July 22nd, 2024

City notebook: How rare are wage freezes?

By Mo Cranker on August 5, 2017.

Is it too early to say summer is dwindling away?

August is dog days for news items of interest, but several council members say they are confident that they expect at least one outstanding labour contract to come soon before them for a ratification vote.

After happily stamping one-year wage freezes with largest union, CUPE, and firefighters, outstanding are deals with powerplant and line workers, represented by the IBEW, and the Medicine Hat Police Association.

But just how rare is it to secure a wage freeze in public sector?

Medicine Hat — which has two with two sizable unions — appears to be the only local-level jurisdiction of any size to accomplish the feat since at least 2002, according to wage tables from Alberta Labour.

The deal with 850 local inside, outside and transit workers is the biggest zero in the province over 15 years.

Other examples of wage freezes from Alberta’s 150 or so municipalities, and there’s only a handful:
— A three-worker unit at the Sundre Library signed an a first contract that gave them zero per cent in 2008 (then 16 per cent the next year).
— Nine town employees at Millet agreed to no raise last year.
— The City of Cold Lake settled on no raise for 2012 with its 168 employees, and Peace River pulled it off too in (2011).
The county of Forty Mile got zero from 60 workers in 2016. The County of Newell (19) this months agreed to Zero
So that’s all the municipal settlements, and only one other fire association has agreed to a wage freeze in contract talks.
By the by, the average raise for a union utility worker in Alberta in 2017 will be 2 per cent. That considers 15 major contracts with a mix of private and public centre entities.

Heritage Day
The August long weekend, also known as Heritage Day in Alberta, is upon us. Is it my imagination, or were there not at one time some sort of local multicultural festivities that accompanied the holiday?

Ironic, then, that this week the 2016 census revealed that Medicine Hat is more multicultural than ever considering the number of language groups here.

If not a long weekend festival, how bout an Oktoberfest at the very least?

Transit changes
You’ll be hearing about changes to the transit system this month, but council won’t be debating them.

The rejigged system, which the News has been told will involve widespread changes, possibly eliminating the central hub layout, was promised during budget discussions last December.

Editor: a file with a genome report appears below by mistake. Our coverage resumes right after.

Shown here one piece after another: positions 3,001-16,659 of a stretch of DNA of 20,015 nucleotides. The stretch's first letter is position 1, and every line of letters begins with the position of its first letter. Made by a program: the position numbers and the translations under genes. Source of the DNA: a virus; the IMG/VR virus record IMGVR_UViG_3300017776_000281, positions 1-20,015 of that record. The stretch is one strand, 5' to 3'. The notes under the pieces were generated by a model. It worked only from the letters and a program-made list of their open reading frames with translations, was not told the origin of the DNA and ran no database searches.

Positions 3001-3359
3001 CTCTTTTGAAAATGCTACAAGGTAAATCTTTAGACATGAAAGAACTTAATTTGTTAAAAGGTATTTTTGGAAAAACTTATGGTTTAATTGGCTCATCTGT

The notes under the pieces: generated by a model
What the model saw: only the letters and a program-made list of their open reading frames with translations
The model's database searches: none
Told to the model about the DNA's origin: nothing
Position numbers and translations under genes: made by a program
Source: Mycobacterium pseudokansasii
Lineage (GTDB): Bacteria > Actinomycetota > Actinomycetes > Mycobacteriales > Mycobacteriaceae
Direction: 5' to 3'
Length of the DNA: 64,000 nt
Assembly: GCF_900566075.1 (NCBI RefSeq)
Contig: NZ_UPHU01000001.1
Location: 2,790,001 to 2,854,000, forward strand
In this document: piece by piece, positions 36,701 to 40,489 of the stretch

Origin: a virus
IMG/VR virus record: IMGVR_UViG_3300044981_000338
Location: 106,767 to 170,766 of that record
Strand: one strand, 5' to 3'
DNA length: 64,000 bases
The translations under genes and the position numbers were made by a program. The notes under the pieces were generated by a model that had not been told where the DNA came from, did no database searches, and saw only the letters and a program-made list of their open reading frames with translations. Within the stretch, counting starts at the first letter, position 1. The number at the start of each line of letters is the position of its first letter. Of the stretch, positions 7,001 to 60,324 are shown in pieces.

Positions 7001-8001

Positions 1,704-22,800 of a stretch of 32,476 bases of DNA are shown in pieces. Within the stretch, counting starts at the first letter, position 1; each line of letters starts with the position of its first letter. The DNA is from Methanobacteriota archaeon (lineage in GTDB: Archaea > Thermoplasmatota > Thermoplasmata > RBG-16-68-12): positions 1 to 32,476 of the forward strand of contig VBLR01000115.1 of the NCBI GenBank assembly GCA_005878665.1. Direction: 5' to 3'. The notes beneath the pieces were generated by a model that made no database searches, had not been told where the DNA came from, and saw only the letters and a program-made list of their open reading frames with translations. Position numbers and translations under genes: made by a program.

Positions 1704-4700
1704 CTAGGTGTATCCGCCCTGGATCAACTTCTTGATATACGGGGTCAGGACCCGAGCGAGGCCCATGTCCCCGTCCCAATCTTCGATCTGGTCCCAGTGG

A better system at a lower cost was the promise of the review that has been going on more or less out of the spotlight for eight months.

It will need to be in place before September, to avoid instituting changes during the school and college academic year.

However, administrators at City Hall say that since the move is strictly operational — councillors approved the move to lower costs in late 2016 — it needn’t go back to committee or council level to be instituted.

A look ahead
Council convenes after the holiday weekend on Tuesday for its first meeting in one month. A slim agenda packet features some new construction contract awards, including the repaving work at the regional airport.

100 years ago
The “Borden government is incompetent, inefficient and unworthy of support,” read a resolution passed at the federal Liberal convention in Winnipeg and reprinted in the News on August 9, 1917.

Handling of the conscription issue and general management of the war effort was front and centre for Alberta Premier Arthur Sifton, who moved the resolution. The News editorial writers let their opinion be known: “A.L. Sifton for Prime Minister” read a headline.

The federal government also introduced Income Tax Act to replace the Excess Profits Tax, which charged 40 per cent on amounts earned over pre-war profit margins.

Locally, D. Cole proposed a unique fundraiser for the Red Cross. He would publicly butcher a prize hog at the market square and auction the cuts on the spot.

A month-long, spat between factions in Orion and Manyberries, stemming from rival Dominion Day Picnics and Fourth of July picnics, continued.

“Our slogan is ‘Always to the front’ and watch us stay there,” wrote a Manyberries-based correspondent. “How about you Orion? You’re awfully quiet.”

Collin Gallant covers city politics and a variety of topics for the News. Reach him at 403-528-5664 or via email at cgallant@medicinehatnews.com

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